Spoken word thus became a form of resistance against the forces of linguistic capitalism. However, now just a few years later, with the development of Siri, VOIP calling and home assistants such as Amazon Alexa, as well as developments in the monetisation of audio on YouTube etc, speech and audio are no longer safe from digital exploitation, so I wanted to reflect and explore that in my work.

I started imagining a kind of dystopian future when voice-based technologies are so prevalent that it becomes impossible to speak without our words being monetised in some way, and that what we say starts to be dictated by how much linguistic capital people create in different physical spaces. So maybe data packages or Wifi are dependent on the generation of value through speech, so people would earn social capital from making money in areas where keywords are worth more, such as cities, business/commerce hubs, rich areas etc, but not all people have access to those areas, so social divisions are magnified to the point of unrest or conflict.

To reflect this in my work I wanted to develop a voice activated version of {poem}.py, so that spoken words could be automatically monetised in real time, and also to integrate a physical spatial element – maybe in the form of a maze, or other structure, – to convey the idea (and the frustration), of having your movement through space controlled by how much or how little money you make with your words. It was just a theoretical idea at first, but after meeting Brendan and Sam from Ray Interactive through the Creative Informatics project here in Edinburgh, we managed to make it a reality.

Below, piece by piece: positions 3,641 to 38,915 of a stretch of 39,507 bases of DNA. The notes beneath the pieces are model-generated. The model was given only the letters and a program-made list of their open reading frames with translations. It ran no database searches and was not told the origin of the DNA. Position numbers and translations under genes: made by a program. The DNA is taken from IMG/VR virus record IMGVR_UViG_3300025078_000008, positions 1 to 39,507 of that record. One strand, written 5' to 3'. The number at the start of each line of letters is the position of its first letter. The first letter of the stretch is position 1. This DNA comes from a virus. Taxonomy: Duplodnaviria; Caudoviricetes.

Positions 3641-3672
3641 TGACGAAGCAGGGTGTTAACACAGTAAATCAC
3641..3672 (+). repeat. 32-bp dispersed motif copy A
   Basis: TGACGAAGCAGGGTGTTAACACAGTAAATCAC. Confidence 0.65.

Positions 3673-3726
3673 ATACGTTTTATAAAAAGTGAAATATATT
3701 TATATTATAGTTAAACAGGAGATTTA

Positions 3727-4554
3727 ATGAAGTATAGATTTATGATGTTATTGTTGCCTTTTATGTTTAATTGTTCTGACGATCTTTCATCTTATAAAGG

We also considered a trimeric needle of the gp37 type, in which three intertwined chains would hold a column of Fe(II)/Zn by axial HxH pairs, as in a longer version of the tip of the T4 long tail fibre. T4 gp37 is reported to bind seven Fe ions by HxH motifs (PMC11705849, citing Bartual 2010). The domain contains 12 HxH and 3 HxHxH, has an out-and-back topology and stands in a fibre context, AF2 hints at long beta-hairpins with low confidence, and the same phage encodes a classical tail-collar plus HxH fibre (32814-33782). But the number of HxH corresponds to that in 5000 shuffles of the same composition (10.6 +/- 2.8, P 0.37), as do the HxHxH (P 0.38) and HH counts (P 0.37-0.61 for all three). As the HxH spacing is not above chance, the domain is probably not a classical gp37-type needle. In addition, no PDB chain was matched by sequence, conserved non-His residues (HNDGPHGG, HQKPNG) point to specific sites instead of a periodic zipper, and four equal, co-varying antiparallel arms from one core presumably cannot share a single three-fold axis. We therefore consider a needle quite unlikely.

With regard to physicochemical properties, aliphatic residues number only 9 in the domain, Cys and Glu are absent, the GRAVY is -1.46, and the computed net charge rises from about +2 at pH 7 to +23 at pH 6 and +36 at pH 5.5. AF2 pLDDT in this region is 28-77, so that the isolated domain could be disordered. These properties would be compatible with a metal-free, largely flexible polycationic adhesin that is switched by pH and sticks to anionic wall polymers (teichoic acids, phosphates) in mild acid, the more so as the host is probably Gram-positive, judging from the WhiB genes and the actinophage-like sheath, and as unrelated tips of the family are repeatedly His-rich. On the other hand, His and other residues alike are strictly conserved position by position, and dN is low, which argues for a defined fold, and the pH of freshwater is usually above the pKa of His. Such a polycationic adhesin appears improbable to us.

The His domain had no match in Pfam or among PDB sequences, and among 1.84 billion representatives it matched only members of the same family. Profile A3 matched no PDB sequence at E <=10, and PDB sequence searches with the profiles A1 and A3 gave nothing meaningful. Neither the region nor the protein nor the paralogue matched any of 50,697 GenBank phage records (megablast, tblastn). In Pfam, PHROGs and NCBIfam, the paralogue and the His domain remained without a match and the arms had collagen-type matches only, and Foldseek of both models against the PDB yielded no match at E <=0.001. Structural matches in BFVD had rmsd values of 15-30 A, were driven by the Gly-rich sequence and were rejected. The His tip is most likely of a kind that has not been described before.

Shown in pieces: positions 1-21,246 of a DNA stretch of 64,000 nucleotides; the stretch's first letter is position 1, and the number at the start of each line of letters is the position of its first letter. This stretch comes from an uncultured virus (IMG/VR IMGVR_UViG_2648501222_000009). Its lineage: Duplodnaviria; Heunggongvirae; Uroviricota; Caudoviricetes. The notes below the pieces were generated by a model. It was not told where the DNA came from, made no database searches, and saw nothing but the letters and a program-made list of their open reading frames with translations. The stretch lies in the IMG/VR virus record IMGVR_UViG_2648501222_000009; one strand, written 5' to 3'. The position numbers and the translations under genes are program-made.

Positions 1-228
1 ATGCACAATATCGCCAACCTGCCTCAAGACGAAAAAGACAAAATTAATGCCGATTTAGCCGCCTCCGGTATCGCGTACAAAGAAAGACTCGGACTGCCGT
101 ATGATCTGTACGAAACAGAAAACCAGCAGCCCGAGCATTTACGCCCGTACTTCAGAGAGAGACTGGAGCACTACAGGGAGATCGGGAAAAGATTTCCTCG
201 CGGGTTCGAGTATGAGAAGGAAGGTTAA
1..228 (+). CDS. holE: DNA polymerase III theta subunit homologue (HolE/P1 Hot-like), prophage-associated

You tested the voice recognition system with a group of playwrights, “asking them to create stories according to the economic value of the words they speak as they walk through and react to different surroundings.” Can you tell us how the experiment went?  

Yes – the first time we tested it was at a workshop hosted by the Edinburgh International Festival. We asked playwrights and writers to explain a play or book to their team in three scenes, or stages. We had boxes marked on the floor, and players had to negotiate their way through the space while avoiding running down their team’s budget with what they said. So it was all about an economy of words – trying to avoid using economically valuable language, while at the same time also not losing its communicative and creative value. It was very much a first iteration, but it had interesting results, and we’re hoping to develop it further in the future.